Skip to main content
You have permission to edit this article.

McFarland High's Pack Bots robotic team picking up where it left off before COVID

Yasir Rubio gets excited about the parts, especially when he can put them together.

As the builder for the McFarland High School Vex Robotics team, known as the Pack Bots, Rubio is in his element when he and the rest of his squad construct and refine their robot for competitions.

Two years ago, as eighth graders at McFarland Junior High School, Rubio and teammates Francisco Vejar, the robot driver, Eric Ontiveros, the notetaker, and Arturo Gonzalez, the programmer, were just discovering their passion for building and engineering before the COVID-19 pandemic snatched it away.

When the coronavirus forced schools to close in March 2020, the Pack Bots had just qualified for the National Vex Robotics competition in Ames, Iowa. But due to the school closures, the event was canceled.

“I was so frustrated and extremely disappointed,” Rubio said. “All the hard work we had put in was for nothing. We couldn't do anything.”

The quartet was sidelined for almost two years. Building, maneuvering, planning and recording the robot’s every move just didn’t translate via distance learning.

But 21 months shy of the pandemic’s anniversary, Rubio and his teammates, all sophomores, are picking up right where they left off. The Pack Bots are ranked second in Kern County and are undefeated in the Kern Robotics High School League.

“It feels great to be a part of this, and I am so proud of them,” McFarland teacher and Vex Robotics Coach David Cisneros said. “We work simultaneously with McFarland Junior High School to achieve the same goal and get students passionate about science, engineering and robotics.”

It has been a labor of love that has seen its limits through the pandemic. During the distance-learning phase, Rubio said he nearly lost his passion for robotics and building.

“I never really missed it until it was gone,” Rubio said. “I want to be an engineer ... in fact, I chose to be an engineer in the eighth grade. I need robotics to fuel the passion I have.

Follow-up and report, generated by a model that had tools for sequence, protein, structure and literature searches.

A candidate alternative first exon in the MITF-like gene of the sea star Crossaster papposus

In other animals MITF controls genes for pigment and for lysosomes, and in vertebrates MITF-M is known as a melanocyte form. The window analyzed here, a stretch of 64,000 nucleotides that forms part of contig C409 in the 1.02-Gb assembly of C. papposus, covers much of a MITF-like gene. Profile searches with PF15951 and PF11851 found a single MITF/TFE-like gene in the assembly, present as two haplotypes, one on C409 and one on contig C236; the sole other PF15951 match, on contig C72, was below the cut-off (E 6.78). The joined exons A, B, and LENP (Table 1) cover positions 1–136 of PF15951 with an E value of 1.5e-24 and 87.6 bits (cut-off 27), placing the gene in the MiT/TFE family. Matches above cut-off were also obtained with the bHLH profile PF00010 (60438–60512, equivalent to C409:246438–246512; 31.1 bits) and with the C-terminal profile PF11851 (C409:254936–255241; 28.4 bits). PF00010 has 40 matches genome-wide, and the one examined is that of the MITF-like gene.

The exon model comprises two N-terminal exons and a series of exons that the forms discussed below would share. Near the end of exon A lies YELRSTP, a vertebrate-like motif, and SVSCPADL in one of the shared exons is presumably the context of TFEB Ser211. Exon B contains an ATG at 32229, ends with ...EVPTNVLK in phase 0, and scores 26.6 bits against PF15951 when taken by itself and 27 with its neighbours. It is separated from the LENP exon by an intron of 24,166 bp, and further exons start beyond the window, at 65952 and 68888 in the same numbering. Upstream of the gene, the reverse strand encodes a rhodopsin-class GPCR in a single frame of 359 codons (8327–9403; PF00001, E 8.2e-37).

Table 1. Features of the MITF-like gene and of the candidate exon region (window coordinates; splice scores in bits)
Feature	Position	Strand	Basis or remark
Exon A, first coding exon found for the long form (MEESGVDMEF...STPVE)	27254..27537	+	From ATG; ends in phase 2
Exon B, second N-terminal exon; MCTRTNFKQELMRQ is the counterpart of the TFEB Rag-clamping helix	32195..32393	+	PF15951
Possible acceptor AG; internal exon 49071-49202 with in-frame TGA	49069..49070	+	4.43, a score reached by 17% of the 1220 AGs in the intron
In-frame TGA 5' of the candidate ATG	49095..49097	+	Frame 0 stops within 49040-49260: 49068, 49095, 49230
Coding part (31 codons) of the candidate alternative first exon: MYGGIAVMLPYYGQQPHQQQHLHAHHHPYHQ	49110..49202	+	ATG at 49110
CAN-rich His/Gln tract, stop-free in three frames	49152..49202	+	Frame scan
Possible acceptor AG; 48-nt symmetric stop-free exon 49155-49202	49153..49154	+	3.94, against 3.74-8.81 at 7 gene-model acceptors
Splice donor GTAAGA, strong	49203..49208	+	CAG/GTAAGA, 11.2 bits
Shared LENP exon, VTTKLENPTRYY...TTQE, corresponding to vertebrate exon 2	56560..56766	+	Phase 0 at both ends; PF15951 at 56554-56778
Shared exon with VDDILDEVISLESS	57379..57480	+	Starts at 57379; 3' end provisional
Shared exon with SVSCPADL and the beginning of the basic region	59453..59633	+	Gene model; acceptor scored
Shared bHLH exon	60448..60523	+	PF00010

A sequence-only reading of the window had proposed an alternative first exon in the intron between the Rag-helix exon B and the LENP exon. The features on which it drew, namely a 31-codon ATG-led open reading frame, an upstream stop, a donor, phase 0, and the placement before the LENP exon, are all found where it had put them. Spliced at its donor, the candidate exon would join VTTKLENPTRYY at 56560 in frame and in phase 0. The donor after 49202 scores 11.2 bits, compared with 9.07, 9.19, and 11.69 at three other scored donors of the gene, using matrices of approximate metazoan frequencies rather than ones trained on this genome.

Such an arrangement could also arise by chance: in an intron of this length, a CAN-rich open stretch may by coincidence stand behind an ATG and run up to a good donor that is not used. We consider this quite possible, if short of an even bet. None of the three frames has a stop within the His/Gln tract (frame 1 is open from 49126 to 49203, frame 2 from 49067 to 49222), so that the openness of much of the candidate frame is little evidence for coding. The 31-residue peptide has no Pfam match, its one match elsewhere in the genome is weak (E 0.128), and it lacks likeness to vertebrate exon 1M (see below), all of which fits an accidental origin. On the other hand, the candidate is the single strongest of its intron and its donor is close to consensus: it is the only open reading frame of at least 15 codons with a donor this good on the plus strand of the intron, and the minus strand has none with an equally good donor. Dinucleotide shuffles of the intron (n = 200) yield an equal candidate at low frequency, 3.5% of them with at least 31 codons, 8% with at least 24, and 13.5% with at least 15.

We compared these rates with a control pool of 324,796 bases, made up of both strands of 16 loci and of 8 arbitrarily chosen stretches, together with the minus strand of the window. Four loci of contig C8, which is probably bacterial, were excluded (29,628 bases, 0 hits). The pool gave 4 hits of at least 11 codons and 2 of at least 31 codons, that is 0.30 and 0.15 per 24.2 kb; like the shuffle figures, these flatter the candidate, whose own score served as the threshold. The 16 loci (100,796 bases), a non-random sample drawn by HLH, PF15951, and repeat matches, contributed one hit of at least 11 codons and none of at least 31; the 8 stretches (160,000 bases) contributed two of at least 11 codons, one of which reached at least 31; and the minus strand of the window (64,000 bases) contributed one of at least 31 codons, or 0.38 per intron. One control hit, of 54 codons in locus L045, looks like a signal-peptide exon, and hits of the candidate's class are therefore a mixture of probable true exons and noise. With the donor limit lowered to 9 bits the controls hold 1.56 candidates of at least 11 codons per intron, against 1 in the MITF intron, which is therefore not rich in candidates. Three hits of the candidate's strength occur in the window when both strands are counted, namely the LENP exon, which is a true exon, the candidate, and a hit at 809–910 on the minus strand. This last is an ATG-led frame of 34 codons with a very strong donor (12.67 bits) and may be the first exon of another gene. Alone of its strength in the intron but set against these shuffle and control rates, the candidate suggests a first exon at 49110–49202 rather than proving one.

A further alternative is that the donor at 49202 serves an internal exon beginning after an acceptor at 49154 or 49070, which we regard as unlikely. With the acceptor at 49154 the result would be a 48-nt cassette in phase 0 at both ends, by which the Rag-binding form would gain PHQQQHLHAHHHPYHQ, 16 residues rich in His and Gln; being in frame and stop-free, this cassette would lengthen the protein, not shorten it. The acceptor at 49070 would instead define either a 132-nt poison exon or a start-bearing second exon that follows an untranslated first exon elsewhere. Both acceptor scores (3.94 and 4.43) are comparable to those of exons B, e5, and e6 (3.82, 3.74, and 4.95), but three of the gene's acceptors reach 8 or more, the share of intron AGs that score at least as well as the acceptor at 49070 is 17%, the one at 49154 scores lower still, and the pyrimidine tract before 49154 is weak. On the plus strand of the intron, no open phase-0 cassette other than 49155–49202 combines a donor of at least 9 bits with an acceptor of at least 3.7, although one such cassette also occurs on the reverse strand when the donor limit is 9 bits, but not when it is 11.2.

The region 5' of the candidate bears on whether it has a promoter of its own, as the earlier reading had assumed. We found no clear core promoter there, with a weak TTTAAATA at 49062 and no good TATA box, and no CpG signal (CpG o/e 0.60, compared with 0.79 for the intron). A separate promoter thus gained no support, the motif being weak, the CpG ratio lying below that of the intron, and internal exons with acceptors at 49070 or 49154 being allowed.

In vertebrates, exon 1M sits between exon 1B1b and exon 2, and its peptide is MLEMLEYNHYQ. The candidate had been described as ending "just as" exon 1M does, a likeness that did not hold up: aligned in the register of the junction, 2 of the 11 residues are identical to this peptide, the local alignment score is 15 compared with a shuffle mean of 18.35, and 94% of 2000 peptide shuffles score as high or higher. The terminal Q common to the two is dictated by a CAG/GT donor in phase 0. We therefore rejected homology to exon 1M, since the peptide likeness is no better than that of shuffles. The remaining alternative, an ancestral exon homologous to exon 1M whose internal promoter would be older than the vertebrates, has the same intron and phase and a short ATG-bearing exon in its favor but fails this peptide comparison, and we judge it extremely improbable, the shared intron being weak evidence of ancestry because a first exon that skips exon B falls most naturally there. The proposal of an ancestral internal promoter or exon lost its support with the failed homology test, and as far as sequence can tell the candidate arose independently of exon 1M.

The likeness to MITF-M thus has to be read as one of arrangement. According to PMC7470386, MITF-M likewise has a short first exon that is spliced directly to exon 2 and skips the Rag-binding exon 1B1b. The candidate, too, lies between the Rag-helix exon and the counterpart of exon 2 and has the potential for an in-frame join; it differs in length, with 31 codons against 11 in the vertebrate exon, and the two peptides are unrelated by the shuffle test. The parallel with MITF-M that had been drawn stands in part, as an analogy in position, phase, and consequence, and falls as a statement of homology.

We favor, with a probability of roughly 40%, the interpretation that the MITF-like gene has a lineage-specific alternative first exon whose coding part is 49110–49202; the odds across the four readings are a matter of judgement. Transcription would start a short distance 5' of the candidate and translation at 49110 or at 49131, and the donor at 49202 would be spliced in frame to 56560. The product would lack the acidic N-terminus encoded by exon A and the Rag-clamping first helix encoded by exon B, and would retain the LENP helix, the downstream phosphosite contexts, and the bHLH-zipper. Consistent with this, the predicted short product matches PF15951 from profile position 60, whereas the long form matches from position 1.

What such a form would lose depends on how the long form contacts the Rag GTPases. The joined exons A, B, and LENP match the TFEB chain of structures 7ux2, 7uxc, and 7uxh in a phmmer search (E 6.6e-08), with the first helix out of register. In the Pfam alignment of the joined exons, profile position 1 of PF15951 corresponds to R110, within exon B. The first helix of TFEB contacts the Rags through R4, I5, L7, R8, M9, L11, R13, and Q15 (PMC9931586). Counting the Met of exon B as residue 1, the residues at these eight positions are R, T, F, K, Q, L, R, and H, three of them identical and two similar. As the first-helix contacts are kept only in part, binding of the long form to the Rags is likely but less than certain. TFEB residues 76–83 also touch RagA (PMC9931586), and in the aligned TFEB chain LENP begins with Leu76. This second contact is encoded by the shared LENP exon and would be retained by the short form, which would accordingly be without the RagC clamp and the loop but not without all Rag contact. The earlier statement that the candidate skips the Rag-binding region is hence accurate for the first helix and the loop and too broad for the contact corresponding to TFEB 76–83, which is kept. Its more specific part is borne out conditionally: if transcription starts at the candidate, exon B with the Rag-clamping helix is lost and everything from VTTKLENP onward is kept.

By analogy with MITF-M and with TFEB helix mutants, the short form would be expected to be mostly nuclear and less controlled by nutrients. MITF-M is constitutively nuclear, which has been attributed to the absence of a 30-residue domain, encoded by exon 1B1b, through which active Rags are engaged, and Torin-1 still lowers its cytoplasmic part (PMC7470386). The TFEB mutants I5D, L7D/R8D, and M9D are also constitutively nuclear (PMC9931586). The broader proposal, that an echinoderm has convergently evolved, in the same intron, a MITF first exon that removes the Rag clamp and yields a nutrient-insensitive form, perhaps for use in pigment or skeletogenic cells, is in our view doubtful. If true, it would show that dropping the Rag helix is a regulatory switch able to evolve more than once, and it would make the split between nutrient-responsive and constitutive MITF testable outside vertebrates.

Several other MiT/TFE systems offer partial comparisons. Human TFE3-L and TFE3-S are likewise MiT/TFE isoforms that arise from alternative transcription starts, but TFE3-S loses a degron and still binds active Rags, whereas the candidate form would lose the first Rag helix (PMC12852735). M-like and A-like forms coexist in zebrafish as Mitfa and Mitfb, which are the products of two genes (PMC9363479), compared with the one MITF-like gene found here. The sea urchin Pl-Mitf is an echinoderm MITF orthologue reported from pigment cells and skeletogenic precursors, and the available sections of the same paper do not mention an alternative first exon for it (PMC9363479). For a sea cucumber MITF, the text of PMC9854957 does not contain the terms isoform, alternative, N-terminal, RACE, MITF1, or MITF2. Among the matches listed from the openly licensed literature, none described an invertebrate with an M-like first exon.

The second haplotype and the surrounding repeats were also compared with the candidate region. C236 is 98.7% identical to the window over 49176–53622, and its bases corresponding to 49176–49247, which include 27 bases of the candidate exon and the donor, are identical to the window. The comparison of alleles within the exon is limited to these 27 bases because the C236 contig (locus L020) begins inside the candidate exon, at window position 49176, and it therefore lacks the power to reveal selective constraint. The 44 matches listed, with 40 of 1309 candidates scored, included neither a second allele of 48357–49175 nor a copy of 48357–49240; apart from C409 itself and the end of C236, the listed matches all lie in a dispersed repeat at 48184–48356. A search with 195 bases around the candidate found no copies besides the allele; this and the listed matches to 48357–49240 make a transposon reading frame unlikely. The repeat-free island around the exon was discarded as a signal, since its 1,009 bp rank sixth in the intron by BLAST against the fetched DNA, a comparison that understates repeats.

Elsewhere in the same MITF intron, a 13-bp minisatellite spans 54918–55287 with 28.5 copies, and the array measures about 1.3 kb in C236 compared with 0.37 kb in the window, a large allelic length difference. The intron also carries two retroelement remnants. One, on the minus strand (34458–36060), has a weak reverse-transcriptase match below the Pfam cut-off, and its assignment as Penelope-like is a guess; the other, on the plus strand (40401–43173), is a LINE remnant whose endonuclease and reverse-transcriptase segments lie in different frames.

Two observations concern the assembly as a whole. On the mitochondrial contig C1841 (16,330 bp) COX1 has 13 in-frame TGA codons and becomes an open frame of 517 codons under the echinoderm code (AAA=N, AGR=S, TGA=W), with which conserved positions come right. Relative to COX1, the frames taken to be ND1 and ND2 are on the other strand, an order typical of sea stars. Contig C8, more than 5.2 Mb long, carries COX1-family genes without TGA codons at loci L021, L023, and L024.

"Last year, my ninth-grade year, went by slowly and painfully. I hated that year. I could barely get through it.”

The team had to transition from middle school to high school — virtually. In addition, robotics moved from a class at McFarland Junior High School to an after-school activity at McFarland High School. There is an engineering class, but it was not the same for the team.

They have adjusted, coming in after school to work together and working individually at home on their robot. The quartet is also settling into their roles at the high school level.

Rubio is excited about new parts and building faster, more maneuverable robots.

Vejar has improved his technique and strategy. Ontiveros still notes how the robot moves, where the glitches are and what needs improvement. And Gonzalez puts it all together with the programming, taking Ontiveros’ notes and making sure Rubio’s build responds to Vejar’s commands.

“I love learning with the students,” Cisneros said. “This quartet is very tight. They have embraced their roles and have stuck to them. They are very coordinated.”

The teamwork is infectious. McFarland’s four other robotics teams made up of mainly juniors and seniors and under Cisneros’s guidance, have taken notice, seeking advice from the Pack Bots.

“It is nice to see most of the juniors and seniors who have been doing this since middle school and are asking for assistance,” Cisneros said. “It’s great for the kids to show vulnerability and admit they need help.”

The Pack Bots’ coaching aspect has helped them mature and get better. The Pack Bots’ goal is to return to nationals. To do that, they will have to do well at the state competition.

“I am excited about the future,” Rubio said. “I want to see what we can do on the grand stage.”